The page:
3.1.3. Preconditions. They guide development, maintenance and navigation of the hypermedia system. They are provided from the different Systems, and are always applied by the Navigation System. They constrain the associations between information items that can be used during navigation. In a dynamic way, a set of preconditions will hold for each information item and they will limit the set of associated items. We will call this set the item framework. Two types of preconditions may be distinguished: Derived from the semantic structure of the information system. Obviously, navigation will be restricted inside the conceptual world as designed by the author. The aspects which are useful in establishing preconditions are: The conceptual structure of a conceptual domain of which an item is member; generic dependencies between concepts; functions that an information item may play in the context of an information item, and the language of an item Topics derived from the navigation itself and which provide a better adjustment of the structuring process: a) the type of navigation: a group of preconditions that characterise certain types of navigation; b) the navigation carried out by the user over time or functional history -the set of operations performed or information items selected by the reader and their order; c) considerations about security and access control: user identification, restrictions in accessing the Conceptual Structure, item functions and item versions. The possibility of adding preconditions implies adaptations and changes in the hypermedia system. These preconditions are described in a temporal-descriptive logic language which supports expressions as: ‘if this and that then...”, “ i f before of ... and ajier oJ..then show ... ”, “take into account if reader knows this and that concepts...“, “if the reader has made this tour.... then that items can be shown”. As Stotts and Furuta  we consider that a hypertext is an interactive document which provides a dvnamic structure. This assumption implies the need for temporal logic in expressing what link sequences can be followed during browsing. These authors propose temporal logic as formalism in checking the properties of a hypertext. In our approach, we use temporal logic as an inherent way of expressing preconditions. Consequently, this kind of rules determines, at all times, which pieces of in-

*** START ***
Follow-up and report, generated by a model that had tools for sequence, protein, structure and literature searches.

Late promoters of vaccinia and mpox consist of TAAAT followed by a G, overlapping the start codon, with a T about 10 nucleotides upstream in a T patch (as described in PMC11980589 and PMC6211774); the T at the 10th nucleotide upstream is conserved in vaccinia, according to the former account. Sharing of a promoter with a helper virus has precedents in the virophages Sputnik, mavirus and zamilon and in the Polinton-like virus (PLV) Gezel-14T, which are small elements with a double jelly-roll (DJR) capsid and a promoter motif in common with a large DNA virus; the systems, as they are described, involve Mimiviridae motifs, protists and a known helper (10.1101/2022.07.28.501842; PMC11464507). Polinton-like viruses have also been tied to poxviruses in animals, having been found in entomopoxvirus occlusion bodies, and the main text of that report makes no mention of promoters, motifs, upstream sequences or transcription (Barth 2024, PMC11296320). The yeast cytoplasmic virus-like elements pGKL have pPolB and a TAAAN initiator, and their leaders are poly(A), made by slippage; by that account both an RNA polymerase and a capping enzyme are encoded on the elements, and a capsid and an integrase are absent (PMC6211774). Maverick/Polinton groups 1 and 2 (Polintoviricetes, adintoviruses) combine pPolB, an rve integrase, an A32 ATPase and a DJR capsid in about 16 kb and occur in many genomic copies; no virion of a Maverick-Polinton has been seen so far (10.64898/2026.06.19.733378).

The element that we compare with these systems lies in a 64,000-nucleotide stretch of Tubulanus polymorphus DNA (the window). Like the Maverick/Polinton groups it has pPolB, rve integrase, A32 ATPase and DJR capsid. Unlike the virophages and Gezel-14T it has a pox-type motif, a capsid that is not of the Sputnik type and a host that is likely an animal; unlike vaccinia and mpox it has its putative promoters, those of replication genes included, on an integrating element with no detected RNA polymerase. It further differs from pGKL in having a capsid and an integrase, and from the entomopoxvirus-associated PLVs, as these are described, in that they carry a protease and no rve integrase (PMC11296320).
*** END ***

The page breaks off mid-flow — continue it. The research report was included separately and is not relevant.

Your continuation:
Figure 3. Concept-map of dependencies. In addition to these domain dependent relationships, dependencies between concepts (fig. 3 ) , which are domain independent, can be considered: aggregation (parton, instantiation (isA or instanceOn, and specialisation (aKindon. The dependency partOf allows hierarchies between concepts. The dependency aKindOf allows the composition of information items as shown in previous section (fig. 2b). The dependency isA allows the definition of a concept using other more generic concepts. Less formal dependency relationships can be established: complementarity and priority of concepts. The first one implies a relationship which adds or improves a concept. The second one establishes a temporal order between concepts and is important in the navigation order. For instance: (((Management-Interrupt) Some) Produce) ProcessSwitching (in a postfix notation). These dependencies and relationships can be expressed by means of concept maps. A Concept Map is a visual graph made up by nodes -concepts- and arcs -relationships-. Relationships and dependencies between concepts allow the definition of the concept environment, i.e. the set of concepts which has relationships or dependencies with another concept. In the example (fig. 3), the environment of Process-Control is made up by concepts such as Magnagenlent-Interrupt, Process-Switching or ProcessDescription. The notion of environment allows some interesting operations which are known as queries based on the structure in the literature. For instance, which concepts complement another concept; which concepts are derived from another concept; which concepts produce or cause another concept; which concepts are one level higher or lower in the conceptual structure; which concepts are separated from another concept by a distance d; which documents are related to some conceptual domain.